Pietro Migali: Sonate Op. 1
Sheet Music

Item Number: 21716206
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SKU: NX.MVC01744

By Davide Pozzi and Ensemble BariAntiqua. By Pietro Migali da Lecce. Classical. CD. Naxos #MVC01744. Published by Naxos (NX.MVC01744).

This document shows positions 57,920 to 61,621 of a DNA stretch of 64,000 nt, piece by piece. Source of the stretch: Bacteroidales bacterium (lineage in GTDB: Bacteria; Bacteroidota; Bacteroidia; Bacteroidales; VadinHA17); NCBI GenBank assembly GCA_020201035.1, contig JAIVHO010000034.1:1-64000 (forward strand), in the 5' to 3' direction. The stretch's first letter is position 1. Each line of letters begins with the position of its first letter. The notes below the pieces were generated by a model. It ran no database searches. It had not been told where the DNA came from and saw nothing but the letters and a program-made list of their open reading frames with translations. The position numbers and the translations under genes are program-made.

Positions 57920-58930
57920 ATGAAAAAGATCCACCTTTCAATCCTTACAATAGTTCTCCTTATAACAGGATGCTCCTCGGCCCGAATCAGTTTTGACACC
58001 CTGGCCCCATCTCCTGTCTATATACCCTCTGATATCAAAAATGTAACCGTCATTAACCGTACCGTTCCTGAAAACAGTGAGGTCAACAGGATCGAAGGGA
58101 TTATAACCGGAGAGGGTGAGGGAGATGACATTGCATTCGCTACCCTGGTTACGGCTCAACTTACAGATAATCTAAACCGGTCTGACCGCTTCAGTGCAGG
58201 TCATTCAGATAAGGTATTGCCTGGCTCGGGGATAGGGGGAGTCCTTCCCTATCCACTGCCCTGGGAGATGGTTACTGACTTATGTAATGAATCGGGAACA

What little information we have concerning Pietro Migali is derived from his will, kept at the State Archives in Lecce. The document states that he was ''approximately 22'' when his father Angelo died. He took charge of the entire family, including his mother Francesca Redesi, and his seven siblings. We have no information regarding migali's musical education - documents or other information that could shed light on this period of his life have not been uncovered. This collection of sonatas attests to Migali's high level of compositional skill, a unique case in the musical scene of the late seventeenth-century Apulia. It is unlikely that his musical education was limited to his native city - it almost certainly extended to Naples or more probably to Rome. His ''lucrative profession as Maestro di Cappella and Music Composer'' is confirmed by his only surviving printed work. We have no information regarding other compositions of manuscripts. The collection of Trio Sonatas was published in Rome in 1969, when the composer was roughly 61; it is the work of a mature musician with considerable knowledge of the ''Roman'' style of the late seventeenth century. Assuming Migali was in Rome when he was around 23 (in approximately 1655) a meeting with Corelli would have been unlikely, as the presence of the latter in the Eternal City can be attested starting in 1675; moreover, at that time the 40-year-old Migali would have already been well known and established. In recent years, musicologists have identified and defined a Roman style of instrumental music, with Corelli as its most notable representative. Violinist Enrico Gatti comments that ''Corelli introduced a new formal model, which wa spure, balanced, and full of musical substance; at the same time he pursued the Roman style, endorsing and incorporating the significant inventions of his illustrious predecessors, among whom Alessandro Stradella''. Migali's works could belong to the ''Roman style'', though his idea is not supported by any evidence.